By: Amanda Guarragi
I wanted to check out Shorts Program 3 for one short film in particular but I was pleasantly surprised with every other film in this program. Short films have the ability to make you feel so much in such a short amount of time and that is why they’re important to watch! Here are my reviews for each of them.
dir. Sam Guest and Julia Baylis
Review: The film has a young girl making an appointment with her insurance agent because her wheelchair ramp will be repossessed by the end of the week. What worked really well was the tension that was built from a simple situation, i.e. filling out paperwork in a waiting room. The editing and score when waiting for the next number to be called, was different and worked really well. There as already underlying tension with another client, who left the place absolutely furious with their service. From the moment she steps into the insurance agent’s office, you could tell he was shady. She was completely prepared with her paperwork and he still found some way to scam her. The title of the film really sets in, in the second half of the piece because of a turn of events involving the angered client who left before. It had a really great ending that can be interpreted in different ways.
The Longest Dream I Remember
dir. Carlos Lenin
Review: As Tania leaves her hometown, she confronts what her absence will mean, as she searches for her father. Lenin’s camerawork is absolutely beautiful and adds so much depth to the story. It’s almost as if there are haunting moments in Tania’s mind that mix blend in with her reality. You can tell that Tania is really struggling with the process of leaving and the idea that her father could be gone for good. It’s an internal struggle for Tania and we go on this journey with her.
Ava From My Class
dir. Youmin Kang
Review: It’s always great to see young actors give great performances and that’s what young Ava did. Being a theatre kid myself, the journey taught me to be more opened and accepting of others. There are plenty of warm-up exercises that will make you feel childish but there is something freeing about them. Ava was completely taken by one of her friends in her class because of how good of an actress she was. She really admired her because of her confidence, something that Ava felt like she was lacking. But like all good short films, there was so much more to discover about young Ava and Youmin Kang revealed her character slowly.
Excuse Me, Miss, Miss, Miss
dir. Sonny Calvento
Review: It started with a vintage commercial for ‘Trendysitas’ and then went into the reality of the treatment of retail workers. Not only from customers but from management. A young saleslady, named Vanjie is about to lose her job and she pulls out all the stops in this very humorous take on corporate sales teams. It has really strong, funny moments with witty dialogue that will make you root for Vanjie in the end. It has so much to say about the treatment of workers and how they fit into a fabricated social class based on financial status.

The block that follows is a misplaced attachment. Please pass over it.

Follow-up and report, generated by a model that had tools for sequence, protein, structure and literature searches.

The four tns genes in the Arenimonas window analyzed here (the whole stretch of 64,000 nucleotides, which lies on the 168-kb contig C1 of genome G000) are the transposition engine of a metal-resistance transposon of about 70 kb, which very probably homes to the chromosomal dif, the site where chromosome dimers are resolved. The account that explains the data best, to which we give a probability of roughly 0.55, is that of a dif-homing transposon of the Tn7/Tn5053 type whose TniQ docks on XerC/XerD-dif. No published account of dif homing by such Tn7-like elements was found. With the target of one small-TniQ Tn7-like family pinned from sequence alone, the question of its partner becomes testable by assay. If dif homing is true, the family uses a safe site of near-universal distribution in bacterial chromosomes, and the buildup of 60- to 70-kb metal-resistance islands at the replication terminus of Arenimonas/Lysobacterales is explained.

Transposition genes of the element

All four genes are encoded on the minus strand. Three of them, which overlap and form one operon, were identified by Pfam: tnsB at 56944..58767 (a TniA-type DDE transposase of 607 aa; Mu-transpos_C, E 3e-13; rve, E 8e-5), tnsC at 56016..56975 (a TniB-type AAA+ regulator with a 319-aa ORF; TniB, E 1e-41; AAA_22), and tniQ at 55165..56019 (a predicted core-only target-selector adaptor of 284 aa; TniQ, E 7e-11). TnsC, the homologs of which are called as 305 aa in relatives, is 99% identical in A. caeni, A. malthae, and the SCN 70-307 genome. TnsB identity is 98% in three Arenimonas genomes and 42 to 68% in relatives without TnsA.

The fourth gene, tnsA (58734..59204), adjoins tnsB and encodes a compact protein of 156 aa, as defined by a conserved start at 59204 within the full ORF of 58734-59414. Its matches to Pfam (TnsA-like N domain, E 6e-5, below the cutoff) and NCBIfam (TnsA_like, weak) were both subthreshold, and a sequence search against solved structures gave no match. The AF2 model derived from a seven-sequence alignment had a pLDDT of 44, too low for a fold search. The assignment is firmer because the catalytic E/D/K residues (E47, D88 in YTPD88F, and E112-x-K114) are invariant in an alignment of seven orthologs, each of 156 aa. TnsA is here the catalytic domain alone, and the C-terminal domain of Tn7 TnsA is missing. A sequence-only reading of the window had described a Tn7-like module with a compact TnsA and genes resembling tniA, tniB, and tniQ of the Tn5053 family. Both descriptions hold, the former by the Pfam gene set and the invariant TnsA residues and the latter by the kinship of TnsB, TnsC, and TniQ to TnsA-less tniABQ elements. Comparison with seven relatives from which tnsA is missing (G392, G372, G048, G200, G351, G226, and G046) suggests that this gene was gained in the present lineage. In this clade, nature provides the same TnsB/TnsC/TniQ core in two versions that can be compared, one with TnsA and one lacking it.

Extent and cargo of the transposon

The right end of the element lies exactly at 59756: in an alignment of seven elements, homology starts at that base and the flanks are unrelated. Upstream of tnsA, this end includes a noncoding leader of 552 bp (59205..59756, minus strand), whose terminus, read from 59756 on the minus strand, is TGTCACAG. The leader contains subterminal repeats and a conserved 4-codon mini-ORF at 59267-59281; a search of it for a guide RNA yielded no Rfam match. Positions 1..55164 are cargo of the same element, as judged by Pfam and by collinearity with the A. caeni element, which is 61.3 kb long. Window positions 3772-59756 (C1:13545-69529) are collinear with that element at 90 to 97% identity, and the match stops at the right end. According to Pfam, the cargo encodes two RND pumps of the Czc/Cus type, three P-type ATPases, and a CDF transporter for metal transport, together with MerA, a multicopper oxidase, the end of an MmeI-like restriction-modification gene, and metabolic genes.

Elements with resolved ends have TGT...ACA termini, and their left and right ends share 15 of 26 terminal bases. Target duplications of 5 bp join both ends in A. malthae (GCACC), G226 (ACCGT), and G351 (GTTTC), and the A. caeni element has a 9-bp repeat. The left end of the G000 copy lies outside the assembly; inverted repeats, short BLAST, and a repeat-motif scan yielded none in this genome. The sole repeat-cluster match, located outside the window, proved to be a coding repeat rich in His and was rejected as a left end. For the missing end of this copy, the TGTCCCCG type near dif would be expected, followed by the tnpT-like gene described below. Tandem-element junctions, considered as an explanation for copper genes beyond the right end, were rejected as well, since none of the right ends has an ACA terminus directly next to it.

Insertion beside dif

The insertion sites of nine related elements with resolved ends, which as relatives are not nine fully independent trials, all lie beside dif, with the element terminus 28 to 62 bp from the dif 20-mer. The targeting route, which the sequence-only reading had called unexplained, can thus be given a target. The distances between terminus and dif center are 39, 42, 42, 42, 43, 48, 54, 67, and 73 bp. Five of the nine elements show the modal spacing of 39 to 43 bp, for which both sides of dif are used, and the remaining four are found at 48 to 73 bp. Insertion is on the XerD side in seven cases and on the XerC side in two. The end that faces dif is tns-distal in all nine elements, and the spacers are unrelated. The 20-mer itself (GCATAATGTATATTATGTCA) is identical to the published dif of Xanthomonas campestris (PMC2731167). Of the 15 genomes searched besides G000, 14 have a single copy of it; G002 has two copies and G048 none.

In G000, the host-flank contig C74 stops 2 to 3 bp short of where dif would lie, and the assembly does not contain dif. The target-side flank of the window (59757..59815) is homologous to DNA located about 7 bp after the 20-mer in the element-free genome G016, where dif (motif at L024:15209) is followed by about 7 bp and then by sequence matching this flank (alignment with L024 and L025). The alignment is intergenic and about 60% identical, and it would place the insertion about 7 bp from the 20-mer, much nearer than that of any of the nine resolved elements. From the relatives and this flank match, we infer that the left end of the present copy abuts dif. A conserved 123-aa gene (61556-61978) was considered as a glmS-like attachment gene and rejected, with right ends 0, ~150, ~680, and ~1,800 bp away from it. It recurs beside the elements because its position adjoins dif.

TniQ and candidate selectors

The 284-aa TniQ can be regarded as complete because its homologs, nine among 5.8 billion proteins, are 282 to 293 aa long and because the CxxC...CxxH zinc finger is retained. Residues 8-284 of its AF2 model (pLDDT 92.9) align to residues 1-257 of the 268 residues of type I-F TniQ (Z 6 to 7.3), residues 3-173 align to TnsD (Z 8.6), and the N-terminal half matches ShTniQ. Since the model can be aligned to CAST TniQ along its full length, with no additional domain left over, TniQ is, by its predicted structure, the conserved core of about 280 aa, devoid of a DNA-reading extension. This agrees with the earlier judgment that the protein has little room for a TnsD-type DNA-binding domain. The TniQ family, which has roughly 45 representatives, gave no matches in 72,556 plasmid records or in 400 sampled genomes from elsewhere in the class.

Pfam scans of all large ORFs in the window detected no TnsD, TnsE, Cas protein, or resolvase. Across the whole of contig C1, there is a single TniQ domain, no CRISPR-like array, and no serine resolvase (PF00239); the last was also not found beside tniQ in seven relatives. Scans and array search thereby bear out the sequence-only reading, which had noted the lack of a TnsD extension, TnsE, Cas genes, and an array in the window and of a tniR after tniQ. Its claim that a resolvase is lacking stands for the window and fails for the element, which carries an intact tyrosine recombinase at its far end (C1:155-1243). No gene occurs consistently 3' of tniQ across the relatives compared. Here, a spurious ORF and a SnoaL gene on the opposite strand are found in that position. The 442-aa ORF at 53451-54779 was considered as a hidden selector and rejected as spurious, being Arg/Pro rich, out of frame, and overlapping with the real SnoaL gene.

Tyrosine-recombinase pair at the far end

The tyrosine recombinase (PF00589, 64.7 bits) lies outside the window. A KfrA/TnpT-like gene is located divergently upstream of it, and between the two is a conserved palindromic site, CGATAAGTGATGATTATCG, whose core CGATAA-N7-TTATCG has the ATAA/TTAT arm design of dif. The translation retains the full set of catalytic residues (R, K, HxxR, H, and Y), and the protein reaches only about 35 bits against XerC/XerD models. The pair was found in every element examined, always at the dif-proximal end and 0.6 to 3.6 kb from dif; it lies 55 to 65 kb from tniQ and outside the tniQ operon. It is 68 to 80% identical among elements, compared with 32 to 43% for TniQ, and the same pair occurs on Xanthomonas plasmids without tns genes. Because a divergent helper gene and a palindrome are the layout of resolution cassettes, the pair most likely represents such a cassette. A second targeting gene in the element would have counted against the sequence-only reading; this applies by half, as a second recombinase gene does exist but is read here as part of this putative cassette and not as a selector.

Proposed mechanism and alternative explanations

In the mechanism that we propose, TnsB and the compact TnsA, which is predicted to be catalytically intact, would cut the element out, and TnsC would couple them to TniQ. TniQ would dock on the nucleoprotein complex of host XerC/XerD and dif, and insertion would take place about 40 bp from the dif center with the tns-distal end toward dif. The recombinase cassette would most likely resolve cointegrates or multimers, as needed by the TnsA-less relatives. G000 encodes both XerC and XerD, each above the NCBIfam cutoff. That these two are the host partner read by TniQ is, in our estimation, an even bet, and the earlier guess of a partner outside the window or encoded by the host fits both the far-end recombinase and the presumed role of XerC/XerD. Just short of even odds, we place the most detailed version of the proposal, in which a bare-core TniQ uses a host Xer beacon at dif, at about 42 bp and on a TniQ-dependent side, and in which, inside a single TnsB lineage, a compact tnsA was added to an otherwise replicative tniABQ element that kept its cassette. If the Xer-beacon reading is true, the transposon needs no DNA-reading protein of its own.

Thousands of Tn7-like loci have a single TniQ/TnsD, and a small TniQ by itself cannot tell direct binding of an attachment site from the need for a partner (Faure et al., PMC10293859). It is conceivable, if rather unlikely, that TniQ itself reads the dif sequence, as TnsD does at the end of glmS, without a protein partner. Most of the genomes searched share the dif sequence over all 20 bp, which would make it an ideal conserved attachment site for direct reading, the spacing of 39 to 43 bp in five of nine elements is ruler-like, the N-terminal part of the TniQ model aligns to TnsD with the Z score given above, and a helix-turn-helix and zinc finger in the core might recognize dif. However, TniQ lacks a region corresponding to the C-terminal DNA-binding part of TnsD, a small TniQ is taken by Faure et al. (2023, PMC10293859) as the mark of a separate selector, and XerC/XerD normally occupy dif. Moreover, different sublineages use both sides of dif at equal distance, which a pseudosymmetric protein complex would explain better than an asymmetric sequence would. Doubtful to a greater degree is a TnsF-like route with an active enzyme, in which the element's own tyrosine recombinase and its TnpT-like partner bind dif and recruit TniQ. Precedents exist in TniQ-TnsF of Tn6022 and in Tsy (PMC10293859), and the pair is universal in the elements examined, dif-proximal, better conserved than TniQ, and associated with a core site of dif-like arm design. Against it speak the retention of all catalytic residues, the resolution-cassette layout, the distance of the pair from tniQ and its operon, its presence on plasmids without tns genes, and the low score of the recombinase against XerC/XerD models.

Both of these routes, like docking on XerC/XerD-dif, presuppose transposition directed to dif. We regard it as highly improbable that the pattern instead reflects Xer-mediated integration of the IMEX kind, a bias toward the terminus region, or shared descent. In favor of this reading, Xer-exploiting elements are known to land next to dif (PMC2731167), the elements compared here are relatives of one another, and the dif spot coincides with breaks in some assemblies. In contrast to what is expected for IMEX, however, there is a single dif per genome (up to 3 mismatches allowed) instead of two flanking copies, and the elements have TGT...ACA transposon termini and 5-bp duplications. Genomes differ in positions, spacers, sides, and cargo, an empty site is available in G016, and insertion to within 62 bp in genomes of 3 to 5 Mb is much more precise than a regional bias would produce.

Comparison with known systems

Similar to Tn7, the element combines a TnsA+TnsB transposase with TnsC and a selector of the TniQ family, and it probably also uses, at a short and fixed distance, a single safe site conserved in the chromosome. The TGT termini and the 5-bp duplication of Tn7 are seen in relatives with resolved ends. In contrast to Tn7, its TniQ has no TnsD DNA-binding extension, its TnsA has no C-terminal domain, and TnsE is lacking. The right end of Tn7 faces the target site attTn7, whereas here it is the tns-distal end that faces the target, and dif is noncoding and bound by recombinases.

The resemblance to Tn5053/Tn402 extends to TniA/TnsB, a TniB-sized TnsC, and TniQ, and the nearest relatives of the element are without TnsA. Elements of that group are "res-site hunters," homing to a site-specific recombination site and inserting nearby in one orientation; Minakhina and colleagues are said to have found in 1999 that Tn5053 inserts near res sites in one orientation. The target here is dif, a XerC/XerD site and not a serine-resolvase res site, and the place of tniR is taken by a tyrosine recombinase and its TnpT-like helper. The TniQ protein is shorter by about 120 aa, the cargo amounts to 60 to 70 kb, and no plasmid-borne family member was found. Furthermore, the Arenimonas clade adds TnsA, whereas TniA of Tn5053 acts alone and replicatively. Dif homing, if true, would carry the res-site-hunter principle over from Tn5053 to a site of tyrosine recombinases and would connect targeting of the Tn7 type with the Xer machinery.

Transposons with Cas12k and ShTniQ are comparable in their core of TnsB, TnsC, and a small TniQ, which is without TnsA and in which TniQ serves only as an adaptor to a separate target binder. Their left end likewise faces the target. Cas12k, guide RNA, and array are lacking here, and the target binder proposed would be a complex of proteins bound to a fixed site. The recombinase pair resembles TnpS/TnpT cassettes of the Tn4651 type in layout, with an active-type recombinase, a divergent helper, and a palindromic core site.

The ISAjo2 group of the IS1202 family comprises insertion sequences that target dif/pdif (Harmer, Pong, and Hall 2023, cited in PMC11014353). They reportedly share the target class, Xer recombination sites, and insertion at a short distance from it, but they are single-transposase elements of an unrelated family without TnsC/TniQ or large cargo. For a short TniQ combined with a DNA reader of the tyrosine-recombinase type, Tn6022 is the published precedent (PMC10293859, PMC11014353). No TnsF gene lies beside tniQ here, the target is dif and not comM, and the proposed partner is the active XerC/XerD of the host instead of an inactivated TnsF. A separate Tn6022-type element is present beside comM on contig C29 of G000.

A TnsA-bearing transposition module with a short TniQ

dir. Mitch McGlocklin
Review: The level of detail and structure that went into this short film was incredible. There are so many layers to this and it was really inventive. A life insurance company uses an artificial-intelligence algorithm to determine the risk of a new applicant. There are plenty of ideas discussed, especially how to move forward with life during moments of hardships. It explores the ideas of alcoholism, depression and the inevitability of death all while keep the structure of the AI moving on screen through different scenes. It was a very unique piece and it had a wonderful score to tie this all together.
dir. Kelly Fyffe-Marshall
Review: This is was the short film that I was looking forward to the most and it spoke volumes. This had so much power because of the spoken word poetry that echoed loudly over the haunting visuals in this piece. Fyffe-Marshall made incredible choice to highlight the words, while choreographing the movement on screen. This short film about a Black man comes face-to-face- with the realities of being Black in the twenty-first century is one of the best pieces I have seen so far during the festival. It’s emotional, poignant and a necessary watch.
We’re Not Animals
dir. Noé Debré
Review: Ah the drama that comes with relationships and social media. Igor’s ex, Marie became an Instagram star because of an activist group focused on the female orgasm. His best friend believe that it is a ploy to prevent him in finding someone else. This was a fun watch because of all the drama that surrounds Igor and Marie’s relationship. It had some really funny moments but you can sometimes get lost in what they’re saying or trying to say about social media and relationships.
dir. Akinola Davies Jr.
Review: Another short film with such a strong performance from a young actor. Juwon (Pamilerin Ayodeji), an eight-year-old girl with the power to sense danger, gets ejected from her Sunday school service. As she walks around the area she witnesses so many different things and is taken aback when it leads to something even worse. It’s always difficult to see such cruel moments through the eyes of a child but Ayodeji’s performance is fantastic. The film does have some pacing issues but the performances will carry you through to an unexpected ending.